Now, Step Up 3D won’t win any awards for originality in it’s story, but really that’s OK, it’s story acts as a frame for some really spectacular dance sequences. When it comes right down to it, if you’re going to see this movie, that’s really what you’re wanting to see and director Jon M. Chu really delivers the goods.
But coming back to it’s story, yeah, it’s heavily derivative, the characters are pretty shallow and there’s a few holes that you could drive a truck through, but y’know, it just didn’t bother me. You’ve got a very amiable cast at work here (even if they are shallow) and more than anything else, like SYTYCD, it’s a celebration of dance and for fans of this, that will probably suffice, it certainly did for me.
Chu’s shooting this almost like a classic Technicolor musical. There’s a kaleidoscope of bright colors and exquisite detail in every single shot. The dance numbers themselves are mostly shown full on and though there are some cuts, those cuts are spare making you feel like you’re watching a live show more often than not.
And it’s all presented in beautiful 3D! Yeah, there’s a lot of bellyachin’ going on these days about the overuse of 3D in movies and for a lot of those productions, I’m right there with you. But when something like this comes along that’s specifically shot for 3D and takes full advantage of it, well that’s when the pluses of 3D loom large. This isn’t tacked on 3D by any means and it works on both ends creating immersive environments as well as giving you that reach out and touch it effect. For me, this is the best live-action 3D that I’ve seen in a movie so far.
While this movie won’t win any acting awards, I still thought that our main three characters, Luke, Natalie and Moose were likable characters and actors Rick Malambri, Sharni Vinson and Adam Sevani certainly look good and do serviceable jobs. There are a few SYTYCD alum in the cast as well, most notable being Season 4’s winner Joshua and one of the finalists from Season 6, Legacy. The one that’s a real treat to see though is from Season 4 and this year’s All-Star cast and that’s Stephen “tWitch” Boss. For my money, tWitch is the best pure performer that I ever saw on the show. In this current season, he had one of the real standout moments with a routine that he performed with early favorite Alex Wong choreographed Napoleon and Tabitha D’umo (do yourself a favor and check this out on Youtube). tWitch is pure support here, and while he’s not given the chance to stand out like he does on SYTYCD, it’s still a genuine pleasure to see him in this film and I just hope that he gets the chance to do more in the future (and maybe even more than just dance, I thinks he’s got those kind of chops).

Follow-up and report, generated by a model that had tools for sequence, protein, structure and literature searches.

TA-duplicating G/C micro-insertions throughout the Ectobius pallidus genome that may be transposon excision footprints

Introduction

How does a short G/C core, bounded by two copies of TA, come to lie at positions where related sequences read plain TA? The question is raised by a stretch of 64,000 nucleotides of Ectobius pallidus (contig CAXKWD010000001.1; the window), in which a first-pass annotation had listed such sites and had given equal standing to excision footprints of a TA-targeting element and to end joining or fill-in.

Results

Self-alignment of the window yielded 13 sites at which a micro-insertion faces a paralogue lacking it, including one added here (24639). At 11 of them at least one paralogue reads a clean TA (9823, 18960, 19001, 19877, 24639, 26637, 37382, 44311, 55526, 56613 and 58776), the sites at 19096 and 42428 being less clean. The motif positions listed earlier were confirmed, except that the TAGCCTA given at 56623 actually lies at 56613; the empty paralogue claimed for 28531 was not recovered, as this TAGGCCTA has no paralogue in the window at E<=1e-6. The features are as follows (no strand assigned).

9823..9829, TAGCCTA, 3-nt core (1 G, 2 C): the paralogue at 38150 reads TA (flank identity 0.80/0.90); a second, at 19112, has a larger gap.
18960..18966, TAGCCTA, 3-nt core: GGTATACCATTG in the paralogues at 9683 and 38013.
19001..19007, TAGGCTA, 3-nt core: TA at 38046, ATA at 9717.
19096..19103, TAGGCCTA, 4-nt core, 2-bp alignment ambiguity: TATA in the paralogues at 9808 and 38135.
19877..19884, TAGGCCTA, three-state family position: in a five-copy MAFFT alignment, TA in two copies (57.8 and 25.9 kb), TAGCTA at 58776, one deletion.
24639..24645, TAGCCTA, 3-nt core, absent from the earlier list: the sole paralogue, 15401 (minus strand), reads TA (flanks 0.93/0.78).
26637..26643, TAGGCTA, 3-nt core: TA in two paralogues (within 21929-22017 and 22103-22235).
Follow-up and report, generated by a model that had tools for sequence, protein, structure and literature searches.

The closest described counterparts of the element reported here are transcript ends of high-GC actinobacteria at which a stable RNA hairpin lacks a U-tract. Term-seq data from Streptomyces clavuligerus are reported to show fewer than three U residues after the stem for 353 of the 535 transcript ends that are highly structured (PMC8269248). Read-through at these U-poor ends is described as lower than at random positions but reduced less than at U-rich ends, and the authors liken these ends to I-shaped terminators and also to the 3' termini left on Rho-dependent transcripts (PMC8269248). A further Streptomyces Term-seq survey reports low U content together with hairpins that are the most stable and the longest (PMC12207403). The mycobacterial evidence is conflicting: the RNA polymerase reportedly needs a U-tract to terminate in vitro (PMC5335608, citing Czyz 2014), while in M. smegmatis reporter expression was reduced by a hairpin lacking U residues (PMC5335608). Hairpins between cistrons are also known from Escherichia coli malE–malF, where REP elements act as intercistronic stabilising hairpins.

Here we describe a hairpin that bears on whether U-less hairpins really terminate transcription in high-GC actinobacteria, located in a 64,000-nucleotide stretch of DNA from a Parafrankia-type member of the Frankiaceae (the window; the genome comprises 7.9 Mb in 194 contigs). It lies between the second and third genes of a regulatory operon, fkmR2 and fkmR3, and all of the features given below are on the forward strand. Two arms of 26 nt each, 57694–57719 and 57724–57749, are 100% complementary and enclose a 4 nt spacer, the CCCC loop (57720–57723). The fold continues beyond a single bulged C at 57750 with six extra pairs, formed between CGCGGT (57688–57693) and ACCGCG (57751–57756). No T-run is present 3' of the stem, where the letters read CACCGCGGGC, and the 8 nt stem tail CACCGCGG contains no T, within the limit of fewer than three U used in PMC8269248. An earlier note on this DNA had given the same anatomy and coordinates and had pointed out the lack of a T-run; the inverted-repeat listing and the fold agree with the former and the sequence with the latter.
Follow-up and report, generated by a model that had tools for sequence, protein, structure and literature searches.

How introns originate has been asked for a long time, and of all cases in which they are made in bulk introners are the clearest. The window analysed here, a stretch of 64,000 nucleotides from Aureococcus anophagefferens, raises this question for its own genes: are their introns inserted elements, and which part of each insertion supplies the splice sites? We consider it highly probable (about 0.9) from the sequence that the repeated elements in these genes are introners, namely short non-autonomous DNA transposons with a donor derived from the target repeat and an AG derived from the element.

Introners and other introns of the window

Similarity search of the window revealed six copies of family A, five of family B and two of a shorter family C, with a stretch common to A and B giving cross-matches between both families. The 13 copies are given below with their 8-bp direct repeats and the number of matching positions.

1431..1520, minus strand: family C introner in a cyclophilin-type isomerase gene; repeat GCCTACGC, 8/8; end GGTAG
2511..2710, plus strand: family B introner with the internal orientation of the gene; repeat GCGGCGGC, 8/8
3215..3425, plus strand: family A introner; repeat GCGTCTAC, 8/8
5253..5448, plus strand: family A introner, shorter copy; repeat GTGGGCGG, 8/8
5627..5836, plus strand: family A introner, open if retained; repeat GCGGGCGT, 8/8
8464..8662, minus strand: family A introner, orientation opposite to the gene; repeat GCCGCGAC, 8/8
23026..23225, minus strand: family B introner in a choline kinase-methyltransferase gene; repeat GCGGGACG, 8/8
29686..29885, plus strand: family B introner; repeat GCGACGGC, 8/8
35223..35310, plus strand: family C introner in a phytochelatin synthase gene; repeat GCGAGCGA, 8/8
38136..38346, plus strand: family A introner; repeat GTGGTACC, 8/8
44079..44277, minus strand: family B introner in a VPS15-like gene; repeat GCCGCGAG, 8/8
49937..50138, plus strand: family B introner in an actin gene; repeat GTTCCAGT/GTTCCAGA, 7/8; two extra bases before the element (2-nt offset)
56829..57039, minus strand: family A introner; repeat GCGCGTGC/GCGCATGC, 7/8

So if you’re a fan of dance and musicals, by all means see this (it’s not just Hip-Hop in this movie, there’s also a nice ballroom number and a terrific salute to the type of thing that Gene Kelly would do later in the film) and see it in 3D. This 3D doesn’t disappoint in the slightest and thanks to the talent of director Jon Chu and his fine cast of dancers, you’ll see some things here in live action that will rival some of the more ambitious mechanical and digital effects of other movies. If you’re not a fan… well, a few years ago, I wasn’t either and I’ve certainly had my eyes peeled in recent years. Step Up 3D could go a long way to giving others a big appreciation for the art of dance.